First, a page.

There are also major environmental concerns about the peatlands that are under these rainforests and the releasing of the methane gases that will be released from them when the trees are removed.

But it is the orangutans that are the icon of the rainforest destruction.

Palm oil is inexpensive because the industry, as most industries, is not paying anywhere near the full cost of the end product. Most of the costs have been externalized – diversity loss, habitat loss, rainforest loss, carbon sink loss, orangutans, erosion, mudslides, population dislocation, water filtration, air filtering, and more.

ANY time that a plant is grown in large plantation/mono-crop it is bad for the environment.

Jobs from Palm Oil?

Yes, there have been many jobs created in the palm oil industry in Nigeria, Malaysia and Indonesia but what kind of jobs are they? For the large corporations to make money they need to ensure that their costs are as low as possible and therefore labour costs are at the best, subsistent. There is also talk of indentured slavery going on in the industry. Check out The Human Cost of Conflict Palm Oil video.

The working conditions and safety of the workers are also suspect in many of these countries. Not a respectful

Is all palm oil evil?

In 2004, the industry could see there was trouble on the horizon so they formed a non-profit organization called the Roundtable on Sustainable Palm Oil (RSPO) to promote the ‘growth’ of palm oil in an environmentally friendly manner. The RSPO consisted of over 200 industry stakeholders including some of the world’s largest food companies like Pepsi, Unilever and Nestle. As long as the demand for palm oil keeps going up there will be a destruction of rainforests. As long as the industrial food complex wants as much profit from their manufactured foods then the rainforests will continue to be destroyed, people (workers) will be exploited, and the orangutans be damned!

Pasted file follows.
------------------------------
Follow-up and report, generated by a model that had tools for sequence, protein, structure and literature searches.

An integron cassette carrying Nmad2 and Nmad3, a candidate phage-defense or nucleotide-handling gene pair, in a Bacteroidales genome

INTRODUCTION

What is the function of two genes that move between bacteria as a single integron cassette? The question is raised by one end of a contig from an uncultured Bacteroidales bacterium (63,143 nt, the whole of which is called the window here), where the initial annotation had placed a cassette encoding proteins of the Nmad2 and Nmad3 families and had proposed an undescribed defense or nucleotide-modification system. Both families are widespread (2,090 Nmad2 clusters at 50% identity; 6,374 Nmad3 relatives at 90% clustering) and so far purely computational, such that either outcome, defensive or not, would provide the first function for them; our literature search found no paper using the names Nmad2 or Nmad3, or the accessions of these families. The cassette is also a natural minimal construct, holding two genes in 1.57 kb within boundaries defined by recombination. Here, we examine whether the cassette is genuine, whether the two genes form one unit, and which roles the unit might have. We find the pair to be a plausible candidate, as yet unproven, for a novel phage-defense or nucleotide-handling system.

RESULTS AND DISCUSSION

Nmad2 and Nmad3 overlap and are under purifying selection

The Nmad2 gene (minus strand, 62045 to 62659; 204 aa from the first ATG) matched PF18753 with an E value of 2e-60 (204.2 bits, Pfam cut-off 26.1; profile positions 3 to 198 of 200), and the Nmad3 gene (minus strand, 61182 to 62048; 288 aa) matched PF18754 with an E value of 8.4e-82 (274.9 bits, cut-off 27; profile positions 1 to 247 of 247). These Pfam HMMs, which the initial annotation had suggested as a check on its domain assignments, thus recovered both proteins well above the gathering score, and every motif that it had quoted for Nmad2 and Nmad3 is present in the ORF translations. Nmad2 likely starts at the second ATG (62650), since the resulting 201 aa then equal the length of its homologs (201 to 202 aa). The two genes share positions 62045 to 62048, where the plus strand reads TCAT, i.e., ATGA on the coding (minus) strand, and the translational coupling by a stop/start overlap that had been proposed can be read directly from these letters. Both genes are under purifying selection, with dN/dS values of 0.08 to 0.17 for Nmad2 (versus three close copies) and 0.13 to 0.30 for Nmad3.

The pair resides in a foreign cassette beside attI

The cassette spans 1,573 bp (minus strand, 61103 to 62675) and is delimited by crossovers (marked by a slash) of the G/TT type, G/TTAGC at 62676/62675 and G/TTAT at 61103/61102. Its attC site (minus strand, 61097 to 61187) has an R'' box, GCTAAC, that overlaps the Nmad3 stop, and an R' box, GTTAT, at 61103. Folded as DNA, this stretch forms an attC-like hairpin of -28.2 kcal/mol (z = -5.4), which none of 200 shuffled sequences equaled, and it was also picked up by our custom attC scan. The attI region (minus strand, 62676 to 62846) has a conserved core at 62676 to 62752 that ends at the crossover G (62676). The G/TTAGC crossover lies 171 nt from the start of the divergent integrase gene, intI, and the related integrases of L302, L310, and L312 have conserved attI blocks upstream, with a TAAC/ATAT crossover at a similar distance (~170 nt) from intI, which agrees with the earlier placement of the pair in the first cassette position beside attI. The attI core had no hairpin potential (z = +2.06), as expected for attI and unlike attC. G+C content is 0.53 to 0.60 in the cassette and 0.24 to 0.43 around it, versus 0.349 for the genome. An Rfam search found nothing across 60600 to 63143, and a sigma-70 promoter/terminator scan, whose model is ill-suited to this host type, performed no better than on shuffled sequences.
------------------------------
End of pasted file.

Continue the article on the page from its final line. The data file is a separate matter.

The RSPO will act like the cigarette industry, the nuclear industry, the pesticide industry, et al and deny that there is as big a problem as there is, that poor practices are isolated, that they are working on the issues, etc. Basically, a pattern of delaying practices until such a time that they are caught red handed and have to pay damages, retribution, etc.

My spidey sense tells me that the RSPO is little more than greenwashing the industry since so little of the oil is being certified – business as usual!